Friday, August 22, 2014

Why should we care about basic operations?

Operations is often viewed, even by its participants, as low-level drudgery, unappreciated (at least until the lights go out), and generally hardly worthy of a manager's valuable time. Project managers, portfolio managers and governance boards are near-unanimous in wanting to analyze, rack-and-stack and execute the exciting work of projects.

PMI is not the only source of PM wisdom but you can't deny that it is influential. One of the long-running battles in the PMI community was the role of operational activities. In retrospect, this was very unfortunate as it set a generation of project managers off on the wrong foot on the road to understanding how projects really work in the larger organization.

As long as PMI was only interested in how PMs could manage the one project they were assigned to, one could close one's eyes to operational matters. Eventually the community recognized that projects seemed to be connected to other efforts that kept moving around, and PMI adopted the concept of a "program". Well, really they only adopted the word. In their language, "program" meant a collection of related projects, and -- here's the unfortunate part -- the definition specified that the program could not contain any non-project work. Yet most project managers will testify that one of the greatest challenges on their projects is that their critical technical experts keep disappearing to deal with emergencies in the operations world.

Meanwhile, in the DoD, which had been running programs for a long time before PMI came along, programs most emphatically do include operations and maintenance activities. The program must account for the cost of keeping the lights on once the hams on the project teams have left the stage, and a great deal of the early analysis goes towards validating the vendors' and project manager's claims that their solution is "maintenance-free". Every dollar or hour that goes into maintenance after a project is over is a resource that cannot be applied to some other project or activity. And, despite the importance of the innovations that projects are to bring, most organizations have been extremely unsuccessful in building a culture where "important" outweighs "urgent". I've seen several CIOs who wanted to see themselves as value multipliers if not actual profit centers for their organizations -- but as long as the e-mail system was acting up, the other executives had no intention of investing in innovation as long as the company was having a problem handling as-is technology.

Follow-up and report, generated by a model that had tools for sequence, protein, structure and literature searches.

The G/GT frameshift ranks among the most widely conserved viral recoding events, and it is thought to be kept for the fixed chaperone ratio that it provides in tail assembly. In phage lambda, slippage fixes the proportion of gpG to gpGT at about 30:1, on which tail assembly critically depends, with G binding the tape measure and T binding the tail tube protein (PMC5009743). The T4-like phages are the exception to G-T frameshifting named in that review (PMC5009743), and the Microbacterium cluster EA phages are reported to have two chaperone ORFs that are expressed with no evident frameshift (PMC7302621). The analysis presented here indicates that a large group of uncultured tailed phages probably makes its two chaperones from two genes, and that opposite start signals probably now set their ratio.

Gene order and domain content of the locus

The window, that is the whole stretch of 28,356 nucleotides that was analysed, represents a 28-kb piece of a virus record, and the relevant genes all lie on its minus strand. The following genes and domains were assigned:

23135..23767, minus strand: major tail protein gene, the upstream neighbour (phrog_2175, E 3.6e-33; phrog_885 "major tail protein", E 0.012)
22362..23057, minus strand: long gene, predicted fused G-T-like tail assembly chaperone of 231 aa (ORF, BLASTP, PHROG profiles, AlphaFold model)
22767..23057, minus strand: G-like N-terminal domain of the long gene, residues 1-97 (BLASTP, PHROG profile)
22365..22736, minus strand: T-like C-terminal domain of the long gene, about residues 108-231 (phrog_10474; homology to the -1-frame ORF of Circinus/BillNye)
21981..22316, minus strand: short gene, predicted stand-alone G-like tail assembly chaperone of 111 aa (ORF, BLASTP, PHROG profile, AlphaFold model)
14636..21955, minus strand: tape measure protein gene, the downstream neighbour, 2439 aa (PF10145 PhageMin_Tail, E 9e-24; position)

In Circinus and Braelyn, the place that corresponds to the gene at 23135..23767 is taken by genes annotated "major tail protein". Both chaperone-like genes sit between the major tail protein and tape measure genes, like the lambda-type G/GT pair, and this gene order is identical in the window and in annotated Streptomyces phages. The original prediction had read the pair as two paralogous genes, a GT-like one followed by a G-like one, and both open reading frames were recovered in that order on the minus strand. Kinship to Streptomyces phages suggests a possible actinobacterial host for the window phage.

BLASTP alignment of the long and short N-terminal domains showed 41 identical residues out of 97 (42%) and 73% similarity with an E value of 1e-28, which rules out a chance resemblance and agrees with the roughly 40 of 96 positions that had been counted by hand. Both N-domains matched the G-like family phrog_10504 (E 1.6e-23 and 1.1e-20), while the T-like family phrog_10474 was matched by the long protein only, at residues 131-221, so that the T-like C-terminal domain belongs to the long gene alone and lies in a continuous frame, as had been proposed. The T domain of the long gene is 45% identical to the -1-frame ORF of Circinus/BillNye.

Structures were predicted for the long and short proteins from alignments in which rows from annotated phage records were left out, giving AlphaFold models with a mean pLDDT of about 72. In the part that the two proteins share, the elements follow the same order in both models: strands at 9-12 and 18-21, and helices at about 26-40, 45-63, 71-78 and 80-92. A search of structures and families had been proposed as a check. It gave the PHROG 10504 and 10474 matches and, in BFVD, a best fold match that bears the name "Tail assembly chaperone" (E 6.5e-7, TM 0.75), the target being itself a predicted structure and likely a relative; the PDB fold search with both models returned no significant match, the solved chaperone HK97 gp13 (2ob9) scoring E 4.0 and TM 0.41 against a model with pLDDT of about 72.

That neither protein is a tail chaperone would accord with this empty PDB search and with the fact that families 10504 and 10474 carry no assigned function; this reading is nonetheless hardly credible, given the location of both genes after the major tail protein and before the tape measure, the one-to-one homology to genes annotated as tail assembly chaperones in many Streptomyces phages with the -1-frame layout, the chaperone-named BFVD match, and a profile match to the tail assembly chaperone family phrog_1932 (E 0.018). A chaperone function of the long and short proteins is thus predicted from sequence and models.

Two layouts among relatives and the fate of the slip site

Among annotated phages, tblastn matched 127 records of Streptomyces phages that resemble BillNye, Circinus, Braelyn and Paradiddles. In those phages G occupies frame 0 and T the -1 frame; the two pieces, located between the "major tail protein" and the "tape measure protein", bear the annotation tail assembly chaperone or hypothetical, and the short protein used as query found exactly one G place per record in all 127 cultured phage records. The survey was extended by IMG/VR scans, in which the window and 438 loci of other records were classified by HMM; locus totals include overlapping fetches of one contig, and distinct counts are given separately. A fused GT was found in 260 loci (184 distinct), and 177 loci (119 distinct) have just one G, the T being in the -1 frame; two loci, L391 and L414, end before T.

In my own experience, we found that the annual infrastructure support costs were growing at a rate far exceeding inflation -- and this in an industry that prides itself of Moore's Law, which should suggest constant and dramatic declines in costs of service. One of the stark realities of operational costs is that you can leave them out of the budget sheets if you want, but they'll still show up. Then there is no option to just let things go until the next fiscal year. Our program management team applied the DoD's default support costs (100% of the acquisition costs spread over the net 5 years) and concluded that the operational activities would consume the entire budget, leaving no funding for any significant project investments, within the next 3 years. This assessment was pooh-poohed in the first year, and the executives added on another few million dollars worth of projects (which would also have to be supported eventually). But by the end of the second year it became clear that the inflection point had already been reached. And the money that was spent on those projects was gone -- you can;'t just turn your unused code in for a refund. Key organizational priorities had to be shelved for a year or more, and the organization had to fund a short-term increase in the budget to fund an investigation into how to reduce operational costs.

Do your programs and governance processes exclude operational costs?
Are you finding that the project work always seems to be delayed, mostly because of resource availability?
How can you change this?

You cannot make significant structural changes overnight. That makes it all the more important to start campaigning to bring operational costs under management control along with the rest of the budget.